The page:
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DIRECTOR RETROSPECTIVE: JEAN COCTEAU

The late critic Leslie Halliwell wrote of Jean Cocteau’s Orpheus (1949): “It is the closest cinema has gotten to pure poetry.” The same might be said of Cocteau himself. Poet, painter, filmmaker, librettist, historian, stage designer, and playwright, Cocteau refused to be confined to the parameters of a single artistic medium. His circle of friends and collaborators included Pablo Picasso, , Serge de Diaghilev, Les Six, Igor Stravinsky, Marcel Proust, and Erik Satie. He was a dominating figure in virtually every “ism”, including Dadaism and Surrealism. Cocteau only made six movies, and insisted that he was merely an amateur who “dabbled” in the medium. Despite his self-proclaimed amateur status, four of those films are frequently hailed as masterpieces of cinema. These four have been collectively given the Criterion treatment.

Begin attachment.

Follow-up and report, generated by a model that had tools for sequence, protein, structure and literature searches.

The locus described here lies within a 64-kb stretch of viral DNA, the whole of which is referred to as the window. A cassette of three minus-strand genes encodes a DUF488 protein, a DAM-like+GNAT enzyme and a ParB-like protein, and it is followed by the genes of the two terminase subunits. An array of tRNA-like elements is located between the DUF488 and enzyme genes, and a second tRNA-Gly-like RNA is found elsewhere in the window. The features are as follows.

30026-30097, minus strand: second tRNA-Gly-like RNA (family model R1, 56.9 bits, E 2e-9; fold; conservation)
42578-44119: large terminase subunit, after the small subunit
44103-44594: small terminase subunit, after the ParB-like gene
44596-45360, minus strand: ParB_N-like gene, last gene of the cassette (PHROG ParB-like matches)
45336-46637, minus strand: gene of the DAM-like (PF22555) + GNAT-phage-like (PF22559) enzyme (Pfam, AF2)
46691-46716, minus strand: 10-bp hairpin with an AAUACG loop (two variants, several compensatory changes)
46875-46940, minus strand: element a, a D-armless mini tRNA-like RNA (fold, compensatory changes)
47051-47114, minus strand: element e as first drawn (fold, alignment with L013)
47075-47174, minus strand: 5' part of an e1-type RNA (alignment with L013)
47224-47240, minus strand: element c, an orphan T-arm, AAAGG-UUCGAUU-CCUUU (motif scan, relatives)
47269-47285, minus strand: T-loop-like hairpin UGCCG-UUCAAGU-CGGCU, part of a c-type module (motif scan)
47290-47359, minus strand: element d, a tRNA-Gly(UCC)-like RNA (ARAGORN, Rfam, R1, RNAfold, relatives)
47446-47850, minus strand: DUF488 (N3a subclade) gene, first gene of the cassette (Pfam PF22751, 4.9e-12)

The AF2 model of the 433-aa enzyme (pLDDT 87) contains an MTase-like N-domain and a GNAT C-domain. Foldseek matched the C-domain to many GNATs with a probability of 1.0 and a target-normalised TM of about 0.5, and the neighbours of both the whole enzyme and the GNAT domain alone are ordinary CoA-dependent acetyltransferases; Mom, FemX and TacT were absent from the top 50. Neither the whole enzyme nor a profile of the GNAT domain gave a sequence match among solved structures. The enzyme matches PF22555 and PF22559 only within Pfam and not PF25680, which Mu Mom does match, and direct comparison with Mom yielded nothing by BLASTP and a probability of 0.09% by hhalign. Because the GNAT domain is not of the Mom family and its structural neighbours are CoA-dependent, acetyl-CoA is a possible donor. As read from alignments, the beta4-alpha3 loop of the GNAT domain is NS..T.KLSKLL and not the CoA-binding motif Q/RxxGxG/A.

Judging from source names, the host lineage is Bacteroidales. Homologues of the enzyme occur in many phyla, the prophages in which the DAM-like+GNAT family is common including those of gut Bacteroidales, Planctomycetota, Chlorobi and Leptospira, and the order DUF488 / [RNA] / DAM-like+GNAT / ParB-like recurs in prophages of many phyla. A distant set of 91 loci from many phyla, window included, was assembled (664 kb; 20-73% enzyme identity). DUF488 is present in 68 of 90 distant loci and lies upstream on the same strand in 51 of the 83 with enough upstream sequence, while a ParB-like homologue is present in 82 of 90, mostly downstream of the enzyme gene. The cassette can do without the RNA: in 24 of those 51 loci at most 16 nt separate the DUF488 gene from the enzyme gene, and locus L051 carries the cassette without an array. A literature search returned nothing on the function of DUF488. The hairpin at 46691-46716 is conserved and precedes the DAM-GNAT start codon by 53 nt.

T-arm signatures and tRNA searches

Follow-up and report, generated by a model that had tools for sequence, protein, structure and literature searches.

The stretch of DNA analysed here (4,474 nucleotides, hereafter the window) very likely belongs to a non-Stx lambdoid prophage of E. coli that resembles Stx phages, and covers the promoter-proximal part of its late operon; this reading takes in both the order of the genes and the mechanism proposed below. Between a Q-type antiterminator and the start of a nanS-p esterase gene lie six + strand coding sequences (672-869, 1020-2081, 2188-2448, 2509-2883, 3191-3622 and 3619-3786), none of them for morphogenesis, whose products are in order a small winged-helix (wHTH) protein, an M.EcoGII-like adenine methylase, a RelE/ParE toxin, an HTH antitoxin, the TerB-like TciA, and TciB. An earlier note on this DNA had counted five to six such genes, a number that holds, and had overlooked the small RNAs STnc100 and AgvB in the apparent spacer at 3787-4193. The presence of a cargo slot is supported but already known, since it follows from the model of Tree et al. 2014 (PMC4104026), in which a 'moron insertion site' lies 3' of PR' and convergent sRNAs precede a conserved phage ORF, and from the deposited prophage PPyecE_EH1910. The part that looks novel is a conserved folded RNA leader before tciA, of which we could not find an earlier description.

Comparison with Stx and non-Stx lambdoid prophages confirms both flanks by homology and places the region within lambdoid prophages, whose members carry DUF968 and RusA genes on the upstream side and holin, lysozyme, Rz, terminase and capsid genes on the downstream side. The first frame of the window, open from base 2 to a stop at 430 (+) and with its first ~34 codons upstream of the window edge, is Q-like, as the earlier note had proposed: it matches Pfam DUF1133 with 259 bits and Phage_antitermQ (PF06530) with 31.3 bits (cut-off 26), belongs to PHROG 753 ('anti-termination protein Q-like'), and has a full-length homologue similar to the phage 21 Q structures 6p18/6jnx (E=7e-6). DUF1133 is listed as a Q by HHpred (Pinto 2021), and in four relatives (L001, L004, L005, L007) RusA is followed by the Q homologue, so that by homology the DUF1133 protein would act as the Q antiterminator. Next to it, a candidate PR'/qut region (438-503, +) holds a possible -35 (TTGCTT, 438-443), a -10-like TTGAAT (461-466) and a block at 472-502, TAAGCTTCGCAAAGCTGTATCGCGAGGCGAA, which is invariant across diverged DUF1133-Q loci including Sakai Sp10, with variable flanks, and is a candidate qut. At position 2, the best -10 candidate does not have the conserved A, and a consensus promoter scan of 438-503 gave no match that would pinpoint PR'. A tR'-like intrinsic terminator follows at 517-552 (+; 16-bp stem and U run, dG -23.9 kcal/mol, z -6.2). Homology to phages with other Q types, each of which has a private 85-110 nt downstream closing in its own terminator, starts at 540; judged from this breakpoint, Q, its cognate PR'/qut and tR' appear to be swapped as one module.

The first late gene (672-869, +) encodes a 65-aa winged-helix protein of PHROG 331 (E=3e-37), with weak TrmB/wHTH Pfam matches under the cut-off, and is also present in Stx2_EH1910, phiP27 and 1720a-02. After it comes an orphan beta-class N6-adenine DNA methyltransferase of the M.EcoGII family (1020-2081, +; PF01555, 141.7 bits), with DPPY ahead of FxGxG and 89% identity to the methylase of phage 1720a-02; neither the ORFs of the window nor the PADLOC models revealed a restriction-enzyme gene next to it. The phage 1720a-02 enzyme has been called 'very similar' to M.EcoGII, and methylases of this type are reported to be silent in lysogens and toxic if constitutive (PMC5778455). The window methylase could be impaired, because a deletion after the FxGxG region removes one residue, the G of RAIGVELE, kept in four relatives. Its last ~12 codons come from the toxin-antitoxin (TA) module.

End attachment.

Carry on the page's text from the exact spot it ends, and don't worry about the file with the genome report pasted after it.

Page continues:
Blood of a Poet (1930) was Cocteau’s first film. It is often compared to ‘s Un Chien Andalou (1928) and L’Age d’Or (Blood was, in  fact, financed by the same patron as L’ Age d’or). Yet, Blood of a Poet is its own film, having a texture unlike any before or since. It is, possibly, the weakest of the four on the Criterion set. Despite it’s stage bound milieu, it remains bewitching, startling, and memorable even after the passage of 80 years. It features absurdist mythology and is semi-autobiographical, told in four life episodes. The artist, searching for his muse, is martyr to his art. Cocteau narrates, surrealist Lee Miller plays a statue and Les Six member Georges Auric composed the music. Mirrors are passageways into an inner world, a theme Cocteau would perfect in Orpheus (1950). Budgetary limitations led to improvisation, which worked to the film’s advantage. Upon release, the film was attacked from different corners. Andre Breton and his Surrealist circle were aggressively hostile, obviously fearing a coup d’etat[1]. Coming on the heels of L’ Age d’or, the Catholic Church read an iconoclastic message into Blood, threatening the producer with excommunication, which resulted in a delayed release. In hindsight, this is surprising since the main thrust of the film, which comes through the multifariously interpreted imagery, mostly conveys the artist in the spiritual realm.